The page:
EWS-WWF and Fujairah Municipality lead 150 volunteers to cleanup Wadi Wurayah National Park



Posted on 07 May 2013
Secretary General of Ramsar joins hands with volunteers to support Wadi Wurayah cleanup day and highlight importance of freshwater conservation. Dulsco supports with graffiti cleaning and recycling.


Fujairah, May 2, 2013: 150 volunteers, led by Emirates Wildlife Society in association with WWF (EWS-WWF) and Fujairah Municipality carried out a cleanup campaign in the mountain protected Wadi Wurayah on May 1st. H.E. Engineer Mohammed Saif Al Afkham, Managing Director of Fujairah Municipality, Mr. Anada Tiéga, Secretary General of the Ramsar Convention of Wetlands and Dr. Lew Young the senior advisor of Ramsar convention for Asia-Oceania, attended the event.

The cleanup day is considered a necessary step to prevent further degradation of the wadi’s wildlife and freshwater and will be followed by temporarily limiting access to the area to minimise further pressure on its ecosystem. Meanwhile details of the National Park’s management plan are being put in place by EWS-WWF.

H.E. Engineer Mohammed Saif Al Afkham of Fujairah Municipality said: “We are honored to join hands with EWS-WWF, the Ramsar Convention of Wetlands, and volunteers from across the emirates on this cleanup day and beyond. It is crucial to protect this naturally rich area from further degradation and identify its biodiversity as an integral and unique part of the United Arab Emirates’ nature. We would like to thank all partners and volunteers for their continuous collaboration and support, and welcome this activity as a further step in establishing Wadi Wurayah National Park.”

In January of this year, the Government of Fujairah appointed EWS-WWF to spearhead the development of Wadi Wurayah National Park and implement the management plan for the park to be of international standards and high quality.

Ida Tillisch, Acting Director General said: “With a number of recent developments, such as the appointment of EWS-WWF to lead the development of the National Park in January, the establishment of the Middle East Water Research Centre in partnership with HSBC Middle East and Earthwatch as well as this community-led cleanup activity, important steps are being taken to realize the vision of the protected area and these actions serve to highlight the commitment of all parties involved to strengthen our efforts to conserve the beautiful and unique nature within Wadi Wurayah, recognized by Ramsar as a wetland of International Importance. We would also like to thank all the volunteers that came to help us with the cleanup.”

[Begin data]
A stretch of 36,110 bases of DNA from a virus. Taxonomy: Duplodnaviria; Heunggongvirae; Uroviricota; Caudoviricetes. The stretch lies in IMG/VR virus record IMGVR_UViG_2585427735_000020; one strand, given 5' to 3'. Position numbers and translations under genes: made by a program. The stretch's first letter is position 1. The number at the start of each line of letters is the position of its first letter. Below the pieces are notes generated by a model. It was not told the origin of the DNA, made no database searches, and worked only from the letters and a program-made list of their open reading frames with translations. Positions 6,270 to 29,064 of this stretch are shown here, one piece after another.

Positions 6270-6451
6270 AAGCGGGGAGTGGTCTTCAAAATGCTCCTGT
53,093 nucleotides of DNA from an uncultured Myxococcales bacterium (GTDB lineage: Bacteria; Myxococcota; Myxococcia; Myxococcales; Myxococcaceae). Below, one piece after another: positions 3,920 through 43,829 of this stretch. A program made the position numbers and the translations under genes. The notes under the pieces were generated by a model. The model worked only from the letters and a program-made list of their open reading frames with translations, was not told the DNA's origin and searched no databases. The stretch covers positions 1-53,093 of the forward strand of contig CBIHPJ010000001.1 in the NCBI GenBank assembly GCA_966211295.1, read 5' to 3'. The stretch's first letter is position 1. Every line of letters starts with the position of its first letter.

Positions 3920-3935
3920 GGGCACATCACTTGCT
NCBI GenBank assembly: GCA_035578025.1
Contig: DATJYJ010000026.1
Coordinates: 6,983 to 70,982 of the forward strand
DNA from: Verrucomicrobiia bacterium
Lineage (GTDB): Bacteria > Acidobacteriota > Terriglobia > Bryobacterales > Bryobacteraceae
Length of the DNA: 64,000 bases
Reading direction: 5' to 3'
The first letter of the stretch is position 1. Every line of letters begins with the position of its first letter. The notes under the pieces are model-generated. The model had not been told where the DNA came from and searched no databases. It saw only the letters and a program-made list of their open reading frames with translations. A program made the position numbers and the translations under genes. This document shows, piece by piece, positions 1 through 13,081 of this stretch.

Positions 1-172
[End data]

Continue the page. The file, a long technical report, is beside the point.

With the help of 150 volunteers, the cleanup activities focused on the graffiti and waste in certain zones in the wadi especially around the popular area of the waterfall. Mr. Anada Tiéga, Secretary General of the Ramsar Convention of Wetlands said: “It is extremely important to raise awareness on the significance of conserving freshwater ecosystems around the world. The current conservation efforts in Wadi Wuaryah are a good way to drive collective action to find solutions on how to better manage water resources in the area for now and the future.”

In 2009, the wadi joined the Ramsar Convention of Wetlands as a site of international importance for biodiversity conservation, demonstrating yet again that this area remains an important stronghold for wildlife in the UAE.

All the waste collected from the cleanup day will be recycled by Dulsco. Other than waste management, Dulsco provided manpower and supply services for all volunteers. Post the cleanup day, Dulsco will continue working for the next few weeks till the graffiti cleaning is fully completed. Dulsco’s involvement in the cleanup day highlights their commitment as private entity that works on ensuring sustainability in what they do and how they operate.

Wadi Wurayah Graffiti
© EWS-WWF Enlarge

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